Thanks to all who have entered Smiley’s Poetry Contest, competing for the opportunity to win fame plus a po-boy and root beer.

Bo Bienvenu, of Prairieville, addresses a common problem:

“Come to Baton Rouge

“And I’ll bet you a dime,

“No matter where you’re going,

“You can’t get there on time.”

Another from Bo, with a happier slant:

“Many people in the nation

“Think life is really crappy.

“But where folks are mostly Cajun,

“We were voted the most happy.”

Doug Johnson, of Watson, deals with the growing Baton Rouge-New Orleans connection:

“Come to Baton Rouge, dude.

“This is where it’s at!

“Enjoy the Cajun food

“And listen to some Yat!”

Muriel Hutchinson, of Greenwell Springs, manages to combine an ode to Baton Rouge with a commercial:

“Baton Rouge, I am proud to say,

“Has been voted one of the happiest cities in the USA.

“So if you read this verse and have never been here

“Head to the Pastime for a po-boy and root beer.”

Starvation diet

Linda Gauthier, a retired science teacher, says the “brain-eating amoeba” found in some south Louisiana water supplies is called “Naegleria fowleria.”

She adds, “I am going to state the obvious. These microbes would die quickly from starvation in the Capitol Lake! No food source!”

Speaking of science

Scott Levet, of Baton Rouge, says, “In response to Alex ‘Sonny’ Chapman, of Ville Platte, wanting to know why the fly gets to be named a ‘fly’:

“If a fly didn’t have wings, would it be a ‘walk’?”

Target audience?

“There is an article in the Wednesday Advocate about a little boy who is fixated on Morris Bart,” says ‘Kitty Kat,’ of Prairieville.

“The little girl I baby-sit, Rosalie, is also a charter member of the Morris Bart Fan Club.

“When she was about 4 months old and sitting in her bouncy chair, she would rotate her head like Linda Blair in ‘The Exorcist’ whenever a Morris Bart commercial came on the TV.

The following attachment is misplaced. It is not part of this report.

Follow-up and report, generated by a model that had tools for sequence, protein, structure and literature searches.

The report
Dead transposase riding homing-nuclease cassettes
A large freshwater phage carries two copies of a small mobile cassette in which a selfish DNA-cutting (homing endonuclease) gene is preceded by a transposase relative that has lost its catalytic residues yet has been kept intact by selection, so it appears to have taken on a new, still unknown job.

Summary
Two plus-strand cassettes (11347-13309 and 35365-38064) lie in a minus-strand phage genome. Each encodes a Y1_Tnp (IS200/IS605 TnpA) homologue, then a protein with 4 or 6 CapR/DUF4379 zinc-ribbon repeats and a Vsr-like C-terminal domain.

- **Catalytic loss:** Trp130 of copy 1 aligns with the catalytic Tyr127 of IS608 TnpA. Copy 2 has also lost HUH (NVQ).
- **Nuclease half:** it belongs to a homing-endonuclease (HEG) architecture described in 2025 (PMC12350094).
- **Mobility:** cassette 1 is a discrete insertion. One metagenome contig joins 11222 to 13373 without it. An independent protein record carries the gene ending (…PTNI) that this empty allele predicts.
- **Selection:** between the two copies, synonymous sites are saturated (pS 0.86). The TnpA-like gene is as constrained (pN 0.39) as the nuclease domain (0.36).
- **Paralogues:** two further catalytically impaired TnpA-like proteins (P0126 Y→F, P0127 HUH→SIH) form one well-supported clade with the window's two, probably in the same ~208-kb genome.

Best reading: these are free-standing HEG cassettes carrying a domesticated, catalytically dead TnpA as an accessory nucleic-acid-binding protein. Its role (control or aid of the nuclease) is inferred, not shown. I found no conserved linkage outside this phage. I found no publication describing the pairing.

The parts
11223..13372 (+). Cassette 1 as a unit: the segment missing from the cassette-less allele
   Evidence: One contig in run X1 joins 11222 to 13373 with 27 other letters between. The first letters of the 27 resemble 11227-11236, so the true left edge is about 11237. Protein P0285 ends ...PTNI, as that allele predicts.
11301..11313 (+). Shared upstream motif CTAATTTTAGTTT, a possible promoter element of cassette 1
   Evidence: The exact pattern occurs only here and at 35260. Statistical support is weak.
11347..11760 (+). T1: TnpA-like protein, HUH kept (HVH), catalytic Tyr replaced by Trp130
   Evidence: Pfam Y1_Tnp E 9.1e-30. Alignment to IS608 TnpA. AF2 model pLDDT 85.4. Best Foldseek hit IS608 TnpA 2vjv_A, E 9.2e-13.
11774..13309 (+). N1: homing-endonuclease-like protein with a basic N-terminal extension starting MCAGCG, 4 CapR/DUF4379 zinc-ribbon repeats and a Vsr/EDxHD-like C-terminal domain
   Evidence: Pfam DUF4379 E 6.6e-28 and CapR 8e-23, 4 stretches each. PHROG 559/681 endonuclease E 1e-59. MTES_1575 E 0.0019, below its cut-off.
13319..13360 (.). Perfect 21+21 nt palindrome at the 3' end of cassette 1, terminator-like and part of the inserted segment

“There was no use talking to her or trying to get her attention as long as Morris was on. She was hypnotized.

“Rosalie is now 3 years old and has since outgrown the obsession, but it was quite funny at the time.”

Step lively

Shooter Mullins recalls polo games in Baton Rouge, mentioned in the Monday column:

“Polo is a strange game. Having no innings or quarters, they have to play in seven-minute ‘chukkers.’

“At the end of each chukker the spectators would go out on the field and step on the divots that the horses had left behind.”

I recall people doing this — and being very careful not to step on anything else the ponies might have left behind...

Ask Mr. Answer Man

A reader noticed ads in the July 17 Advocate from two Baton Rouge nurseries, one offering “crape myrtle” trees and the other selling “crepe myrtles.”

“Help,” says the reader. “Which is correct?”

Mr. Answer Man says it’s crape myrtle, according to his well-worn Webster’s.

Mr. Perfect

Proud grandparent Katie Chamberlain says, “Our 13-year-old grandson, Dickson Chamberlain, pitched a perfect game at the Cooperstown, New York, Dreams Park on July 21. He is a member of the Carrollton baseball team in New Orleans. The team finished in the top third of the tournament.”

Special People Dept.

— Louise Incardona Caruso, of Mandeville, celebrates her 93rd birthday on Friday, July 31.

— Raymond and Joan Boss, of Metairie, celebrate their 60th anniversary on Friday, July 31.

— Maurice and Donna Morgan, of Bay St. Louis, Mississippi, celebrated their 60th anniversary on Thursday, July 30. New Orleans residents for many years, they moved to Bay St. Louis just before Hurricane Katrina.

Wrong inventor

Francis Celino, The Metairie Miscreant, was the first of several readers to correct a reader who said in the Wednesday column that Eli Whitney invented the steam engine:

“James Watt invented the steam engine. Good ol’ Eli invented the cotton gin. Could use a little gin myself.”

T time

The above-mentioned Francis Celino also provides our “T-shirt slogan of the day:”

“If you think you’re too small to make a difference, spend a night with a mosquito.”

Staying put

Richard Guidry, of Zachary, says, “While I was cutting grass the other day, a car stopped out front and the driver asked me, ‘Mister, can you tell me where this road goes?’

“I said, ‘Well, I have been living here 30 years and it ain’t went nowhere yet.’”

Contacting Smiley

Write Smiley at He can also be reached by fax at (225) 388-0351 or mail at P.O. Box 588, Baton Rouge, LA 70821.